• stem cell;
  • neurogenesis;
  • transcription factors;
  • bone morphogenetic proteins;
  • fibroblast growth factors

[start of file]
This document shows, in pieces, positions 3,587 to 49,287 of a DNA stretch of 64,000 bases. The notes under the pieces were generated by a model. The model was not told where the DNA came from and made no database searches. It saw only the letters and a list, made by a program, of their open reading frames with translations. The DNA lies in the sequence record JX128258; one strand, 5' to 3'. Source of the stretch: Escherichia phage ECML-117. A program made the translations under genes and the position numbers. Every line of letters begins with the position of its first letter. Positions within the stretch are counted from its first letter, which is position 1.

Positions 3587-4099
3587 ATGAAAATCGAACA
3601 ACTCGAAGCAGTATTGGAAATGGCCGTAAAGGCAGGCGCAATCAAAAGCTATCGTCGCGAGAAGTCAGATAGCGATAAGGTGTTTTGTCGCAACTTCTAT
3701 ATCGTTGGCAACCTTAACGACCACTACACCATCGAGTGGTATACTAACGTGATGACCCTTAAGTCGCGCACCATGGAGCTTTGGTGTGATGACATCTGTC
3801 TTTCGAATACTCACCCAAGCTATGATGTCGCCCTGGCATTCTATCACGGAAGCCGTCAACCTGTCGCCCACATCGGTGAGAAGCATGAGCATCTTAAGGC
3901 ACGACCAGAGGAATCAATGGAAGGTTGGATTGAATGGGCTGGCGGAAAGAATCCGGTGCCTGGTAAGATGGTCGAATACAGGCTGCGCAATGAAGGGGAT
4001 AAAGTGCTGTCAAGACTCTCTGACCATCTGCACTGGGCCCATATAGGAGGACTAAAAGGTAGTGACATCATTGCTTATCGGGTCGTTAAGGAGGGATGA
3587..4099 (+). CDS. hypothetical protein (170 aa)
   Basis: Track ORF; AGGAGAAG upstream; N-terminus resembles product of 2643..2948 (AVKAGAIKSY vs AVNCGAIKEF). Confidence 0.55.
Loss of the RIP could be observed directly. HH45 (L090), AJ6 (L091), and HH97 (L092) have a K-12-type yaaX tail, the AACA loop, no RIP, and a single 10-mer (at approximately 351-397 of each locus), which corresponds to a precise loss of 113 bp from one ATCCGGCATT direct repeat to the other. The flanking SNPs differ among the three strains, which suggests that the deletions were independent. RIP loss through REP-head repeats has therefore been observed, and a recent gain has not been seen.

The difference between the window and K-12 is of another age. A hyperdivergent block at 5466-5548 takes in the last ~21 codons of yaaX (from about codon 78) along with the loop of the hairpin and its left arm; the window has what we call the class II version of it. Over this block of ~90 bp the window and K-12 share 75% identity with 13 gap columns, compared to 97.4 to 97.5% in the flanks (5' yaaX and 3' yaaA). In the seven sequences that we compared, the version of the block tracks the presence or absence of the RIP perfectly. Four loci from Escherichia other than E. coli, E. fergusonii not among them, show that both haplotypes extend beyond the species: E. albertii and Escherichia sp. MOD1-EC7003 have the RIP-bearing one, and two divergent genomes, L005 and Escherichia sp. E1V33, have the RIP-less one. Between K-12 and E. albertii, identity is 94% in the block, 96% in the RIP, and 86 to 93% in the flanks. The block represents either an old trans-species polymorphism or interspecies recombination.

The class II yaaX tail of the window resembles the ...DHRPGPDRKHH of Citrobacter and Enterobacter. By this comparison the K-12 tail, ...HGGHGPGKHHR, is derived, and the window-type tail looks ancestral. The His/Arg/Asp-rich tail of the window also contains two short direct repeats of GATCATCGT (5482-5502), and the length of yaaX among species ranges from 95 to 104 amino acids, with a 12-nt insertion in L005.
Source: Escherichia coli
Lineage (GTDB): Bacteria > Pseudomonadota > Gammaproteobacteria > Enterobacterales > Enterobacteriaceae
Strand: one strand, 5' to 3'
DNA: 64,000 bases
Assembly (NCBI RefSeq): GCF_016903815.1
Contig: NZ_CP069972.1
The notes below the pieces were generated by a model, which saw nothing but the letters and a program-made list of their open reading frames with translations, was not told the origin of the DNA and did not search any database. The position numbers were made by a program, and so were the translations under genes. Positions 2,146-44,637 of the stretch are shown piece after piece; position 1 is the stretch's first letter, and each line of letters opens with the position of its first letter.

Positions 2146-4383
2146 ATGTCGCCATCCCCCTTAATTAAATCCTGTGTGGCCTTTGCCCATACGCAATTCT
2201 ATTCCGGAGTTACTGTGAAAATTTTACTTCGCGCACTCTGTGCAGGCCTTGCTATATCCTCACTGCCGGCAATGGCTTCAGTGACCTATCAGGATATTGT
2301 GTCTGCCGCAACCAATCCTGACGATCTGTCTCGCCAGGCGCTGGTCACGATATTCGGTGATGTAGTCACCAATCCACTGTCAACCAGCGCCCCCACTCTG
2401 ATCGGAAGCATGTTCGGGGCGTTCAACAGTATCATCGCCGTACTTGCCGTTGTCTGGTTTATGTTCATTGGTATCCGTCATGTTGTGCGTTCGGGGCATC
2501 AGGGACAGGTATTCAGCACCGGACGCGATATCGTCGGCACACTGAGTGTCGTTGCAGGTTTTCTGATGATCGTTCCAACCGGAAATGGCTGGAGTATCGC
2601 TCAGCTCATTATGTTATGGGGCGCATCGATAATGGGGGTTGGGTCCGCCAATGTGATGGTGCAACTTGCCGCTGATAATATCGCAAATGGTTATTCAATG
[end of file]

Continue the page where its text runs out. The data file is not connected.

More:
The olfactory epithelium of the mouse has many properties that make it an ideal system for studying the molecular regulation of neurogenesis. We have used a combination of in vitro and in vivo approaches to identify three distinct stages of neuronal progenitors in the olfactory receptor neuron lineage. The neuronal stem cell, which is ultimately responsible for continual neuron renewal in this system, gives rise to a transit amplifying progenitor identified by its expression of a transcription factor, MASH1. The MASH1-expressing progenitor gives rise to a second transit amplifying progenitor, the Immediate Neuronal Precursor, which is distinct from the stem cell and MASH1-expressing progenitor, and gives rise quantitatively to olfactory receptor neurons. Regulation of progenitor cell proliferation and differentiation occurs at each of these three cell stages, and growth factors of the fibroblast growth factor (FGF) and bone morphogenetic protein (BMP) families appear to play particularly important roles in these processes. Analyses of the actions of FGFs and BMPs reveal that negative signaling plays at least as important a role as positive signaling in the regulation of olfactory neurogenesis. Microsc. Res. Tech. 58:176–188, 2002. © 2002 Wiley-Liss, Inc.